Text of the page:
establishing pace times
October 28, 2014 at 4:51 pm #2014agswimcoachParticipant
I am a high school coach in Arroyo Grande, CA, and I am planning on implementing usrpt into my training this spring. I did some last year, more in the second half of the season, and it seemed to be very effective.
One of the things I was unsure of last year was how to establish pace times. At the beginning of the season I talk with all the swimmers one on one and we establish goal times for the end of the season. Should the pace times we try to achieve on usrpt sets be correlated to our end of season goal times, even at the beginning of the season?October 29, 2014 at 12:50 pm #2015drpaulParticipant
There are a few variables in there but one thing for sure, do not use goal times as pace times. A couple important variables is whether they are coming off of layoff or have they been swimming? Next is…..are they starting usrpt for the first time?
As per doc, swimmers who are not in their swim shape or are just starting this type of a program will take their established time and even ad time for their pace time until they begin to adapt. So a swimmer who swims a 1:00 100free may need to hold 16’s (instead of 15’s) until they adapt.
hope that helps some
PaulOctober 29, 2014 at 6:07 pm #2016RickParticipant
I agree with drpaul, ags. Regardless of their goal times for the end of the season, where they are starting is what matters. We do a test set for each swimmer where it is their job to establish a training goal time based on how well they performed the test set. Initially, most of the kids pick slower times than they can actually do because they are apprehensive about “missing” a time. When they see our fastest/hardest working swimmers sitting out the 5th rep of a 50 x 12 because they missed their goal time, they start to understand that if you are truly working to capacity, you are going to miss times. Very important to break the mindset that a missed time equals failure. At this point, I often get swimmers coming up who want to lower their goal time because they realize they are capable of going faster.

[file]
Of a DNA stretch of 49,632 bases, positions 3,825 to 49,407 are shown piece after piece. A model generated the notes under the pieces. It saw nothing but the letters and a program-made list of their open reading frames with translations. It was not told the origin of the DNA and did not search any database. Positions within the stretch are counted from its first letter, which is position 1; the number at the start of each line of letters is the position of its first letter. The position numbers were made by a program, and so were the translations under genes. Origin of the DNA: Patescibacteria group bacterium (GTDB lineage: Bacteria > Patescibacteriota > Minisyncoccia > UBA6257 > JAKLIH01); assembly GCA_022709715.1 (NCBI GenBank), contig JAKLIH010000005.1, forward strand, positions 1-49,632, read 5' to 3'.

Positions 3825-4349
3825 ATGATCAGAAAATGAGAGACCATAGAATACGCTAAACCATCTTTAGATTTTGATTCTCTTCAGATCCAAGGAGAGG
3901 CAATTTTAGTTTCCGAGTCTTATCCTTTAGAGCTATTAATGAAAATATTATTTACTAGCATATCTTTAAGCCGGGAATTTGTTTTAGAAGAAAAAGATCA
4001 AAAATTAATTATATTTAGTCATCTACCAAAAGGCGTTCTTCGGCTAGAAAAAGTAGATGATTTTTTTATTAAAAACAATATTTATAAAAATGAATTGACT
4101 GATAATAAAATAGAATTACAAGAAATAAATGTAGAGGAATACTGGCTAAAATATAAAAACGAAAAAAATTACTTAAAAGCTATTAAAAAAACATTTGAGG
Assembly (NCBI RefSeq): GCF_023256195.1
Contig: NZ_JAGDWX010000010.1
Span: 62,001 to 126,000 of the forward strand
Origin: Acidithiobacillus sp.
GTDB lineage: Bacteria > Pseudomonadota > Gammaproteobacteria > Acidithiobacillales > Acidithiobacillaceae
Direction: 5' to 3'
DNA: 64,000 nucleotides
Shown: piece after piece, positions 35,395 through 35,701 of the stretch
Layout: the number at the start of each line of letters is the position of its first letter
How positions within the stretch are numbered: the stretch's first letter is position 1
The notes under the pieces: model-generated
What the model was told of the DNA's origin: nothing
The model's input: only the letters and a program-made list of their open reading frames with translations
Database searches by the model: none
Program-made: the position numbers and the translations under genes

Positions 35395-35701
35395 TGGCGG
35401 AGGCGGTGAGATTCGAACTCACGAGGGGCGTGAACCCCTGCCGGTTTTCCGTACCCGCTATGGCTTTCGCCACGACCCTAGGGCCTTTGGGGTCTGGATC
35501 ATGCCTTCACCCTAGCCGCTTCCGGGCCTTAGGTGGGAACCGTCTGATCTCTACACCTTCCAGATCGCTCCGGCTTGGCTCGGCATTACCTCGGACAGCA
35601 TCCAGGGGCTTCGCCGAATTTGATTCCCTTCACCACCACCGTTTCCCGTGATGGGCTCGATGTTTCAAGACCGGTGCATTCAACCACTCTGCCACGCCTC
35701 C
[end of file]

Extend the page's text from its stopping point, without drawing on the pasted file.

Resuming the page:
I like this approach because it gives the athlete some ownership, and it allows swimmers who are new to this type of training to feel successful during those first couple of weeks of practice. After that, however, I tend to be the one who makes sure we are keeping on track in goal times and reps. Need to strike a balance, I think, between goal times and yards at race pace for a practice. Both seem important in getting good results.October 31, 2014 at 8:23 pm #2017sprintfan10Participant
You don’t want to start with the end. That is probably the best way to look at it. It is a process to get to that end goal time, also the goal time should be determined by the training. Its great to want to go from 48.7 to a 46.9 but it must be realistic. The only way to be realistic is to start with what you know they are capable of (their actual best time) then progress through the season and track their improvement percentage on protocol sets.
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